Introduction to The American Jobs Plan and The Made in America Tax Plan

During a presentation in Pittsburgh yesterday, President Biden spoke on the first part of his vision for America and unveiled his American Jobs Plan (AJP or the plan), a $2.3 trillion infrastructure spending plan for the next decade. 

Included in the AJP’s broad agenda are plans for the rebuilding of roads, bridges and water systems, expanding broadband internet access, funding research and development, improving housing and education facilities from pre-school through college, upgrading veterans hospitals and other federal buildings, along with funding additional programs.  The AJP is the first of at least two large programs to be proposed by President Biden and his administration; a second is expected to be released later in April and is believed to target childcare and healthcare programs.  

The funds to pay for the AJP are to be generated from proposed changes to corporate income tax provisions.  These changes are projected to raise $2 trillion dollars over 15 years.  The tax portion of the overall AJP is being called the Made in America Tax Plan.  

A broad summary of both prongs of the initial proposal was released by the White House in a Fact Sheet  

The Made in America Tax Plan proposes the following general provisions:   

  • Increase the corporate tax rate from 21% to 28%.
  • Enact a corporate minimum tax rate of 15% based upon reported profits to investors.
  • Reform and increase the Tax Cuts and Jobs Act tax assessed on Foreign Derived Intangible Income.   
  • Work with other countries to propose a worldwide minimum tax system to “end the race to the bottom” on global corporate tax rates.    
  • Strengthen provisions on profit-stripping strategies that shift profits to lower-tax-rate countries.  
  • Aim to prevent corporate inversions.
  • Deny deductions related to offshoring jobs.  
  • Eliminate current tax preferences (subsidies, favorable deduction rules, and special foreign tax credits) for the fossil fuel industry. 
  • Restore Superfund Trust Fund assessments on industries generating pollution.
  • Increase IRS enforcement on corporations.

The AJP, as laid out in the Fact Sheet, is essentially a broad policy declaration reflecting many of the president’s talking points made during his election campaign.  Specific details and the final shape of this spending and tax reform plan will take months to work through and negotiate.   Predictably, there are lawmakers who believe the package does not go far enough on spending, while others call the costs too high.  

Further, the tax plan details released yesterday don’t include any proposed changes to individual income taxes; these are expected to be detailed with the release of the second spending plan.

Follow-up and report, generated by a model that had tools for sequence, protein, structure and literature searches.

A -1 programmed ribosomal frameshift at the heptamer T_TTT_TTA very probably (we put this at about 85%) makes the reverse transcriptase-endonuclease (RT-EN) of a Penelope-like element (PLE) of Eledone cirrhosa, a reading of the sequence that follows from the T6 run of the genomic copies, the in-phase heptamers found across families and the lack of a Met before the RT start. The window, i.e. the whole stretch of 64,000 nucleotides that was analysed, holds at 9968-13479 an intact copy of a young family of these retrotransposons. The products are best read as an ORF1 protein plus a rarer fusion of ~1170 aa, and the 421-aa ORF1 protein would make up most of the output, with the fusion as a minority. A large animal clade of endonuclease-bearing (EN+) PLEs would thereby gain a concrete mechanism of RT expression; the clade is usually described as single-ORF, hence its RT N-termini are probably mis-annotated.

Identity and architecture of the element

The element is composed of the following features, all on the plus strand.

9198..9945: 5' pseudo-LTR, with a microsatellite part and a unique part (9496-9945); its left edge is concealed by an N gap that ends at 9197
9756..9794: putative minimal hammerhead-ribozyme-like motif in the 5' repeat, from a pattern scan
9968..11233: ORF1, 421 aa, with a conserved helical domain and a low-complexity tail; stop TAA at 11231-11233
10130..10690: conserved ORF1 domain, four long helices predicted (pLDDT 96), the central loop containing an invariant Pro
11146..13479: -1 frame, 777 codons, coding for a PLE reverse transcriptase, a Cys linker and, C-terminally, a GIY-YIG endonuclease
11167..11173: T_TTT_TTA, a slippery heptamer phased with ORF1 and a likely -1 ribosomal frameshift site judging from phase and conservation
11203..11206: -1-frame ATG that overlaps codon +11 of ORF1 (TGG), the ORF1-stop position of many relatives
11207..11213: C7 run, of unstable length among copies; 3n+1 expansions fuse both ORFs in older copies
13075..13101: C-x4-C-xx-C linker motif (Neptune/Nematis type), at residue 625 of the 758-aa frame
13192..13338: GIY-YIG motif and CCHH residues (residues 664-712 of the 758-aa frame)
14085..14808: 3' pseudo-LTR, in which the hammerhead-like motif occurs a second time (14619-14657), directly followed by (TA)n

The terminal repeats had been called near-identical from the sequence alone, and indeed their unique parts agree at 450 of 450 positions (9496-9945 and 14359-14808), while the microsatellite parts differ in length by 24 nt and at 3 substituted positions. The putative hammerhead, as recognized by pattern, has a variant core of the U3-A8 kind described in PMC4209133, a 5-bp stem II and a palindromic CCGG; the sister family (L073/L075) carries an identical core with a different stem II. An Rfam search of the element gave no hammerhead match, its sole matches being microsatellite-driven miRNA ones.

We will continue to monitor and write about the ongoing policy changes involving tax reform, and its impact on businesses and individuals.  Future articles in this series will be provided as additional ideas are presented by lawmakers, specific bills are proposed that may (or may not) ultimately become law, and as more details emerge.  

You’ve heard our thoughts… We’d like to hear yours

The Schneider Downs Our Thoughts On blog exists to create a dialogue on issues that are important to organizations and individuals. While we enjoy sharing our ideas and insights, we’re especially interested in what you may have to say. If you have a question or a comment about this article – or any article from the Our Thoughts On blog – we hope you’ll share it with us. After all, a dialogue is an exchange of ideas, and we’d like to hear from you. Email us at [email protected].

Material discussed is meant for informational purposes only, and it is not to be construed as investment, tax, or legal advice. Please note that individual situations can vary. Therefore, this information should be relied upon when coordinated with individual professional advice.

© 2021 Schneider Downs. All rights-reserved. All content on this site is property of Schneider Downs unless otherwise noted and should not be used without written permission.

our thoughts on
Tax Credits for Electric Vehicle Charging Stations
Introduction to The American Jobs Plan and The Made in America Tax Plan
2021 Standard Mileage Rates
Tax BY Kirk Mitchell
IRS Extends Federal Individual Tax Filing Deadline. State deadlines to follow?
Tax, TCJA BY Courtney Davies
IRS Releases Section 4960 Final Regulations
Construction Industry Opportunities for Extended Employee Retention Credit
Register to receive our weekly newsletter with our most recent columns and insights.
Have a question? Ask us!

We’d love to hear from you. Drop us a note, and we’ll respond to you as quickly as possible.

Ask us
contact us
Map of Pittsburgh Office
Pittsburgh

One PPG Place, Suite 1700
Pittsburgh, PA 15222

[email protected]
p:412.261.3644     f:412.261.4876

Map of Columbus Office
Columbus

65 East State Street, Suite 2000
Columbus, OH 43215

[email protected]
p:614.621.4060     f:614.621.4062

Map of Washington Office
Washington, D.C.

1660 International Drive, Suite 600
McLean, VA 22102

[email protected]
p:571.380.9003